Conversation with a Guru of Safety Systems

Angela E. Summers, Ph.D. and P.E., has more than15 years of process, environmental and safety instrumented system (SIS) design experience. She is principal author of “Guidelines for Safe and Reliable Instrumented Protective Systems,” published by Wiley-Interscience. She is a recipient of the Intrumentation, Systems and Automation Society's 2005 Albert F. Sperry Award, for her outstanding contributions and leadership in the specification, development and implementation of safety instrumented systems for the process automation industry. She is also president and chief executive officer of safety instrumented systems consultancy SIS-Tech Solutions, in Houston. Summers sat down recently for an interview with Automation World Editor in Chief Gary Mintchell.

Aw 4173 Interview01

Automation World: What is the biggest challenge you’ve seen in implementing a successful safety integrated system (SIS)?

Angela Summers: The biggest challenge is maintaining the good engineering practice of a separate and independent SIS in a world where everyone seems to be seeking complete integration. A defense-in-depth strategy remains the hallmark of good engineering practice that has repeatedly yielded proven system integrity, reliability and security. If any single component failure, whether due to human, software, firmware, hardware, utility or communication faults, can disable multiple systems, the implemented solution has violated the long-standing practice of independence and separation. Too often, users assume that [the International Electrotechnical Commission standard] IEC 61511 requires that the SIS be implemented using a programmable electronic system. That is simply not the case. In many cases, conformance to the standard can be achieved using a stand-alone hardwired system.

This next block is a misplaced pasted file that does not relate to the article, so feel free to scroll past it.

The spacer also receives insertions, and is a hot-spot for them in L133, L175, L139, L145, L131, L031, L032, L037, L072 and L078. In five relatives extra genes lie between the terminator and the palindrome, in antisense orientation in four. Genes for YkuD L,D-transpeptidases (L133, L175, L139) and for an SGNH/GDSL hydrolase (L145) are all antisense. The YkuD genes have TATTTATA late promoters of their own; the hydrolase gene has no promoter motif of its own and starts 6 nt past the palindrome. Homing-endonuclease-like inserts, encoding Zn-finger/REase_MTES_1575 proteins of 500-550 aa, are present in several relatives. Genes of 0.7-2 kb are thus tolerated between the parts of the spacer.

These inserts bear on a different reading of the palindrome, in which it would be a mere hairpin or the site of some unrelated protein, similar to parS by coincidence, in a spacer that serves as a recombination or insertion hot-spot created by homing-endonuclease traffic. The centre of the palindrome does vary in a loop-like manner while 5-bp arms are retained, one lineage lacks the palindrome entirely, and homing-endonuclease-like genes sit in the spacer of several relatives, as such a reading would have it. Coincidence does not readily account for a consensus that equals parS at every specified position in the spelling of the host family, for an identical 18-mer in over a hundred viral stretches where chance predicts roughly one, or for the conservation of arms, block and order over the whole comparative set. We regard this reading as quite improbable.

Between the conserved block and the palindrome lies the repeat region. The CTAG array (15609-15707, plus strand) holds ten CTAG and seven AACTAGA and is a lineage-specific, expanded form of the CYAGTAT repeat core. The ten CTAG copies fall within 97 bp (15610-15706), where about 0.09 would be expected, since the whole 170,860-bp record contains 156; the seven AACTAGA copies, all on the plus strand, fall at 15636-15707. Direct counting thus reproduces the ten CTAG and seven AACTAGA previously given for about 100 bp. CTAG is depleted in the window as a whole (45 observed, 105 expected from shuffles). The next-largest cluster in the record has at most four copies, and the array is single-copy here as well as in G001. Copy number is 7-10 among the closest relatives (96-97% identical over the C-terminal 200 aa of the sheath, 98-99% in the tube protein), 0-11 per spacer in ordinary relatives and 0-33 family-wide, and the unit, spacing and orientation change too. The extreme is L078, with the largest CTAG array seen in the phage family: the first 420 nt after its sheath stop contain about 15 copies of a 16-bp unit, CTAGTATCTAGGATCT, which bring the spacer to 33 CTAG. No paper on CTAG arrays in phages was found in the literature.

AW: How have engineers and managers juggled conflicting demands of production, quality and safety?
Summers: While the reliance on instrumented systems has increased at an incredible pace, the resources allocated to properly assess, design, operate, inspect, test and maintain these systems has declined, leading to significant deficiencies in instrumented system performance. It is unfortunately all too easy to find evidence of poor performing instrumentation and controls, inadequate operating and maintenance procedures, poor recordkeeping and retention practices, and out-of-date documentation. The user is ultimately responsible for safe operation and for determining that equipment is fit for service. The top-performing companies are continuously working to improve the quality of their mechanical integrity and reliability programs to ensure their safety systems operate as specified when required.  Those who continue to cut corners find it increasingly difficult to ensure safe operation. Some facilities are operating near the edge of a catastrophe.

AW: If readers learn nothing else from your book, what is the one thing that should be implemented?
Summers: Management must be fully committed to and engaged in the development and implementation of a rigorous management system for instrumentation and controls installed in protective applications. Commitment requires establishing safe and reliable operation as a priority and providing the resources, tools and training needed to get the job done right. The management system should address how each instrumented protective system is designed and managed to achieve seven core attributes: independence, functionality, integrity, reliability, access security, management of change and auditability. To be sustainable, these attributes should be considered in each project and operational phase so that improving process safety and reliability are a normal part of doing business.

More in Control